The Whiting Rotaside was built from an article in the December, '79 Railroad Model Craftsman (pg85ff). It may still be in print, but if not and you wish to try your hand at one, I’d be happy to send you a photocopy.
Because that article was written to handle the much lighter mass of HO scale equipment, the mechanism I came up with to make the thing roatate is different from the article. Mine is not a thing of beauty beneath the surface- old 12v motor from a surplus shop, gears from a VCR, brass tubing, bandsaw-cut mounting brackets, etc. But it all works as intended which is all that counts. Your imagination may vary.
But the topside and the way it actually works is a per the prototype. It adds a lot of play value to the op sessions (as does actually loading the coal) and keeps me from having to go around in between sessions and handling each loaded car, dumping their contents to make them empty and ready for the next session. In fact, cars are often loaded and emptied repeatedly in a given session- a function of our model railroad distances being short compared to the prototype.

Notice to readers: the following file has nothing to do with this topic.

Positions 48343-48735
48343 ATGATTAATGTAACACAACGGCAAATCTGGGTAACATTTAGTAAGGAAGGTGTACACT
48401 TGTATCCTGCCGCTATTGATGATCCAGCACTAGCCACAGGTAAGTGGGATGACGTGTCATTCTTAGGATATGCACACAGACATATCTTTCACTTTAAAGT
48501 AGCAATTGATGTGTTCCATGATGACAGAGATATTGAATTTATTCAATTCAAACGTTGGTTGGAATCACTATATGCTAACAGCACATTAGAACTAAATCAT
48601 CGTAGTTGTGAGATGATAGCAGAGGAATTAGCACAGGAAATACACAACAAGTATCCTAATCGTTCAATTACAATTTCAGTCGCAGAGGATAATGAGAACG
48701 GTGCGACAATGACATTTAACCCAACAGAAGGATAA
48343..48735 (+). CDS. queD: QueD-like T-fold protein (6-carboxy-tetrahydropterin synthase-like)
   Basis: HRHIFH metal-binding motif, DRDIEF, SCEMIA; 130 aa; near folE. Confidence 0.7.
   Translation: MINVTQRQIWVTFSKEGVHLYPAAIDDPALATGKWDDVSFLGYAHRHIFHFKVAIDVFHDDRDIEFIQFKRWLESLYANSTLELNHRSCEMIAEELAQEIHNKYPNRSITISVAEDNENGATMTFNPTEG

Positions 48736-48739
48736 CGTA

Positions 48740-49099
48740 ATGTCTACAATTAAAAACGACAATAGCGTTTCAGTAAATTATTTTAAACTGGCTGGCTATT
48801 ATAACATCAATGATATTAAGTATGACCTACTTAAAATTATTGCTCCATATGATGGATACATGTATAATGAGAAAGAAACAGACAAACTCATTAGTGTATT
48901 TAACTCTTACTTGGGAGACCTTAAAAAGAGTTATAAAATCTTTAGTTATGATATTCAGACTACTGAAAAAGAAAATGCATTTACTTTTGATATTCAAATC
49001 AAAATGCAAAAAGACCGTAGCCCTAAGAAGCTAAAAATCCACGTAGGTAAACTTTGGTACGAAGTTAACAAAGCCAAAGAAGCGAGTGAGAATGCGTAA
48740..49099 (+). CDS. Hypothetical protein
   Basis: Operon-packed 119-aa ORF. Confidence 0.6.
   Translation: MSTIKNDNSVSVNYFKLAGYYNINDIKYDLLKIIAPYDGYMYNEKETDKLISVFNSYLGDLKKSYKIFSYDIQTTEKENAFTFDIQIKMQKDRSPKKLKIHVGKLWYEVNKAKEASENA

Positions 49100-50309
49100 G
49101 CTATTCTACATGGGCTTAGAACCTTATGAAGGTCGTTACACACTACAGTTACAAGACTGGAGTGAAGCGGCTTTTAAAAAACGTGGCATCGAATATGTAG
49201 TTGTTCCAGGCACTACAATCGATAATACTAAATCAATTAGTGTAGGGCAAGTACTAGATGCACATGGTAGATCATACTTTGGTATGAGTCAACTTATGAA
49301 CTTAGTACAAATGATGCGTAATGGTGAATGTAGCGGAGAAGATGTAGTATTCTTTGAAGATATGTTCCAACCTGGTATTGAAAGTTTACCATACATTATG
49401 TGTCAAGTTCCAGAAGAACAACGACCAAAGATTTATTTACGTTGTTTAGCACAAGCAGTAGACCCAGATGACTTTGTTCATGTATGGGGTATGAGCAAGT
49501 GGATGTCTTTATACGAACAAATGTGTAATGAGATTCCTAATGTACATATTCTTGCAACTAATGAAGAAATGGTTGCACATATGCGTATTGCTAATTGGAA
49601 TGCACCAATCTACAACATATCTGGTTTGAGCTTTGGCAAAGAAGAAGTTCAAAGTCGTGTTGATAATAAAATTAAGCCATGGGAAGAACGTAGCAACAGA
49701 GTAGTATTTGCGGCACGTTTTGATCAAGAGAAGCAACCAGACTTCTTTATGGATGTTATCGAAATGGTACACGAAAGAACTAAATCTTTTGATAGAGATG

I did proto 48 for a couple years when I was pondering the change to O scale, thinking that I’d have a switching layout in P:48 and my main layout would be HO, but that was like having two wives- each needed attention. So I chose O scale and built a test switching layout in P:48 in the family room- which drew some comments. I found that while the wheel profile was very appealing, it was the overall mass of the O scale equipment that I most appreciated, and the trouble/cost it had been to convert even the few cars and locomotive I owned simply did not equal the benefit for me, especially since I was now planning to abandon the HO and would have a larger layout- too much for this lifetime to do in P:48. (The overwide track gauge is equivalent to the width of a rail head, something I could live with.) And I knew I’d want to do coal pusher operations in O scale as I’d done on HO, and the physical forces of pushing 35+pound coal trains up twisting 2%+ grades would be more than the P:48 wheels would accomodate- no matter how well I laid my track.
I have visited Jim Harper’s beautiful P:48 layout in Reno which runs flawlessly. But it is not a stress test compared to what we regularly put A&O 1.0 through.
Let us know how it comes along.